Senate Dems To Pressure Boehner With Vote On ‘Clean’ Debt Limit Bill

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Senate Democratic leaders plan to advance a bill this week to raise the debt limit with no strings attached, according to multiple well-placed Democratic aides.

The move, first reported by the Washington Post, means Democrats are calling Speaker John Boehner’s (R-OH) bluff after his office contended on Monday that a “clean” debt limit increase could not pass the Democratic-led Senate.

Senate leaders intend to begin the process with a vote to proceed to the bill late this week, said one senior aide. The aide said Democratic senators expect to be fully united and will likely need six Republican votes to reach 60 and break an inevitable filibuster.

“We’ll be looking to the usual suspects,” the aide said.

That’s a reference to a contingent of Republicans, led by Sen. John McCain (R-AZ), who have worked with Democrats this year to pass immigration reform, break the logjam on presidential nominees and push for budget negotiations that GOP leaders have blocked.

President Barack Obama strongly supports a clean debt limit increase. Senior White House adviser Dan Pfeiffer said Republicans must decide whether to filibuster and force default.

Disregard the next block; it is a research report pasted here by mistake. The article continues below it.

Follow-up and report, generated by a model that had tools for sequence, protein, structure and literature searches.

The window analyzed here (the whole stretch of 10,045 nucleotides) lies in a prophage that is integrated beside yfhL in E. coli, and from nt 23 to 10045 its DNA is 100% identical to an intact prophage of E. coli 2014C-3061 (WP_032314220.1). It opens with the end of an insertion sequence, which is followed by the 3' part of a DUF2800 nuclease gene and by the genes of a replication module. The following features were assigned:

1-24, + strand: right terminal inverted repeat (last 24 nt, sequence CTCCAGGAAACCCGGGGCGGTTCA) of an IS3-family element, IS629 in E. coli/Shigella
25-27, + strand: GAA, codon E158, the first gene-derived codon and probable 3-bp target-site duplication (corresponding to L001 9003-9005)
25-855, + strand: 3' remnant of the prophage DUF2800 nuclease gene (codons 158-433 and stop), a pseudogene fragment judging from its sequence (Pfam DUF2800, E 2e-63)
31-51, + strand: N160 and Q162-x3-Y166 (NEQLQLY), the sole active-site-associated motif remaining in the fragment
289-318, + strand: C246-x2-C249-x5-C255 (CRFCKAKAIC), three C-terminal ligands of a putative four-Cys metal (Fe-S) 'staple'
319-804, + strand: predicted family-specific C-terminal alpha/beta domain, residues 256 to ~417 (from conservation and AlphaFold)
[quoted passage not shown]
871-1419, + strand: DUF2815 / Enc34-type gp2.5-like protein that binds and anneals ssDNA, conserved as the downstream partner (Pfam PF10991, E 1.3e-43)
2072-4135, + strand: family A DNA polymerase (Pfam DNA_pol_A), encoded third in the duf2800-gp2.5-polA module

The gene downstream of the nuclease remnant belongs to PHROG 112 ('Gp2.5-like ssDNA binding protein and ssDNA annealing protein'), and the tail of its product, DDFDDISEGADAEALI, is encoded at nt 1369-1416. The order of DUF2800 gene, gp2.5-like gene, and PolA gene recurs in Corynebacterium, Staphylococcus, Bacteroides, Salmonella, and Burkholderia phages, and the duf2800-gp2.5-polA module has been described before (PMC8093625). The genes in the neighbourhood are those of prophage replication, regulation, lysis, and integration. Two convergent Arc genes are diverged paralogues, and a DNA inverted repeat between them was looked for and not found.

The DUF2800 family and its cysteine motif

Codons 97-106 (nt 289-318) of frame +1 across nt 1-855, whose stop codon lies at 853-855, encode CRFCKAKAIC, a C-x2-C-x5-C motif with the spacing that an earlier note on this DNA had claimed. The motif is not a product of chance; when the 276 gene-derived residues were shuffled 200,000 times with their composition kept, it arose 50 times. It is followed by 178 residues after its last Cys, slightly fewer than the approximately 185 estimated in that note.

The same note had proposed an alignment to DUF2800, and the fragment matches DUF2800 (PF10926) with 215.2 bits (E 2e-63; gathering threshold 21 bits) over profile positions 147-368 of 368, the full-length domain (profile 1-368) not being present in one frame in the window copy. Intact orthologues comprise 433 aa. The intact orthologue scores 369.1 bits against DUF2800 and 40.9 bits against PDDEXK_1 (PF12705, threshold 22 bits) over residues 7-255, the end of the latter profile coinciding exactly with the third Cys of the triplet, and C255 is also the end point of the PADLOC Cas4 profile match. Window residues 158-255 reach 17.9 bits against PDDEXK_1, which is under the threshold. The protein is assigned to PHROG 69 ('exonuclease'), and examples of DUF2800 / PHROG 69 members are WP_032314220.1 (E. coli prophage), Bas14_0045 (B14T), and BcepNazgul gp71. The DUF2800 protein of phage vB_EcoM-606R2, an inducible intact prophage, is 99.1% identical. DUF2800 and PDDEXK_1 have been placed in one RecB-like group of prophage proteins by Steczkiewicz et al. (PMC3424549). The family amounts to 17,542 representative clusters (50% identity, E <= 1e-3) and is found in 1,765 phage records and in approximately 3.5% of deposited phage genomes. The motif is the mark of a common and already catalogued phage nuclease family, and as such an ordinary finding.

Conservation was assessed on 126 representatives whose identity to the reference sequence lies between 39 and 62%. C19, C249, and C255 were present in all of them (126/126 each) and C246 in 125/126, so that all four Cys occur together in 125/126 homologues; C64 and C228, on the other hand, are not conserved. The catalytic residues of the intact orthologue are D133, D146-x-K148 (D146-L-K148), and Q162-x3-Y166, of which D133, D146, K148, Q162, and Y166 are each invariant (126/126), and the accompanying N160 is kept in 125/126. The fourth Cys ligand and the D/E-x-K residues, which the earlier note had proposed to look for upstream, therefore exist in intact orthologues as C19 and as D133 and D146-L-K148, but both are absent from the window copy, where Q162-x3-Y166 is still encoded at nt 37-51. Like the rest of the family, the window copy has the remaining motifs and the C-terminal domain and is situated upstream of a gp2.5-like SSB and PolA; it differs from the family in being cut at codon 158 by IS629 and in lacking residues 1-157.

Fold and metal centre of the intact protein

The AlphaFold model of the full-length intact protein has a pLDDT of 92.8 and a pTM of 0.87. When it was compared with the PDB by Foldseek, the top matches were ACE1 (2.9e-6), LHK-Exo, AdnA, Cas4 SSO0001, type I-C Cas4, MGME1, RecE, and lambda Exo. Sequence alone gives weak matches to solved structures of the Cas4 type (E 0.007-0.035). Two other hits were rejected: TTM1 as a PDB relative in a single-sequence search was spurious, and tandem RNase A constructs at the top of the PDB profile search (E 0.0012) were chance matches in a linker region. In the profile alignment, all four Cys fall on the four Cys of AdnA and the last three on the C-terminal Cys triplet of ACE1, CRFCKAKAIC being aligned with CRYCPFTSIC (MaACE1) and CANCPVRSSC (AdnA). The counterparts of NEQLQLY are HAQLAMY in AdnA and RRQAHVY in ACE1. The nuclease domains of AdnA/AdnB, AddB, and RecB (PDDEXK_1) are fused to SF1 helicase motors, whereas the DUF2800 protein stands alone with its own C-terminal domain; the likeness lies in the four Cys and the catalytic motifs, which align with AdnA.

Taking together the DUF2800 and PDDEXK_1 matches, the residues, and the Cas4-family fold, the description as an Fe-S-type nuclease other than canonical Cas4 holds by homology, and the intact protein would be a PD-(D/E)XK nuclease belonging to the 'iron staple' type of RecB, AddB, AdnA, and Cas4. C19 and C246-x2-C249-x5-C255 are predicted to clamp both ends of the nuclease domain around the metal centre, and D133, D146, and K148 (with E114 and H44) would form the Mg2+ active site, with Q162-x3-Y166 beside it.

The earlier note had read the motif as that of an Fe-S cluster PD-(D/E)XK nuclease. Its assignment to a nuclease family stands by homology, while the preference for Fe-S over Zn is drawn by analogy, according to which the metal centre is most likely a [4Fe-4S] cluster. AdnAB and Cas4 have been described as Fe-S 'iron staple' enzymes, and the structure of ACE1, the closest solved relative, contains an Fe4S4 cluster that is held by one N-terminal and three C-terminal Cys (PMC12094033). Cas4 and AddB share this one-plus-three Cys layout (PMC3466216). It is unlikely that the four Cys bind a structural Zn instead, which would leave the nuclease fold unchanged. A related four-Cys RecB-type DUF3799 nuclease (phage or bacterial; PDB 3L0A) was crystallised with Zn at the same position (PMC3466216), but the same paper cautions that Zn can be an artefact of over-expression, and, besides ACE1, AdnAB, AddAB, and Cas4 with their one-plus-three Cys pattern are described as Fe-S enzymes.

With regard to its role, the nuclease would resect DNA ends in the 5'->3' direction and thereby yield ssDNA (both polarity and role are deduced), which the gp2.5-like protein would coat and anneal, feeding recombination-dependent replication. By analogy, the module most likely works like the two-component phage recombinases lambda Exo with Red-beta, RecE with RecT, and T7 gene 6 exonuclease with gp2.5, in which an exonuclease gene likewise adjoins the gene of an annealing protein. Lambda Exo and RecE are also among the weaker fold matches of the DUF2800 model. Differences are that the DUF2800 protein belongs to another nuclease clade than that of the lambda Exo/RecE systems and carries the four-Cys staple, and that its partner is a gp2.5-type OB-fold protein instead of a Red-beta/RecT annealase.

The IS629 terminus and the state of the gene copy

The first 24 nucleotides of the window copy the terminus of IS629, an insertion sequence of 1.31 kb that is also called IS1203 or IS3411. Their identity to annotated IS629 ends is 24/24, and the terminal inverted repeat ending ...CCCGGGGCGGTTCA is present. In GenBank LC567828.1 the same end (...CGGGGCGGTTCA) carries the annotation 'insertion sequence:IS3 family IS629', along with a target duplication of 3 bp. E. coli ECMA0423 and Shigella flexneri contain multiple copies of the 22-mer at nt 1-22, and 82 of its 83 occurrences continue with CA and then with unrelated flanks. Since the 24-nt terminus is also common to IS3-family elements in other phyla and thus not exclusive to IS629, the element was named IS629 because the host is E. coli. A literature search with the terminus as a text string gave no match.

Boehner has insisted that the House won’t raise the debt limit without conservative policy reforms attached, and that Obama’s refusal to negotiate is risking default.

“A ‘clean’ debt limit increase can’t pass the Senate, let alone the House,” said Boehner spokesman Michael Steel, calling on Democrats to “to step up, act like an adult, and start talking about how we … deal with the drivers of our debt and deficits.”

Senate Majority Leader Harry Reid’s (D-NV) spokesman Adam Jentleson asked a Boehner aide on Twitter if the Speaker would permit a vote on a Senate-passed debt limit bill.

Bringing up a clean debt limit bill would test the resolve of Senate Republicans. Passing it would put significant pressure on Boehner, who has postured against lifting the debt ceiling cleanly because he’s highly unlikely to get a majority of House Republicans on board.

But Boehner ultimately doesn’t want to risk default and he could end up using the pressure as political cover to bring up a clean debt limit bill in the House, likely on the eve of disaster. He could blame Obama and Democrats for being unreasonable but argue that at the end of the day, he had no choice. He has already signaled through leaks that he’s willing to raise the borrowing limit with Democratic votes, if need be.

If Congress doesn’t act, the U.S. is estimated to deplete its borrowing authority on Oct. 17, after which it would be extremely difficult to meet obligations, domestic and foreign.

ABOUT THE AUTHOR

Sahil Kapur is TPM's senior congressional reporter and Supreme Court correspondent. His articles have been published in the Huffington Post, The Guardian and The New Republic. Email him at sahil@talkingpointsmemo.com and follow him on Twitter at @sahilkapur.
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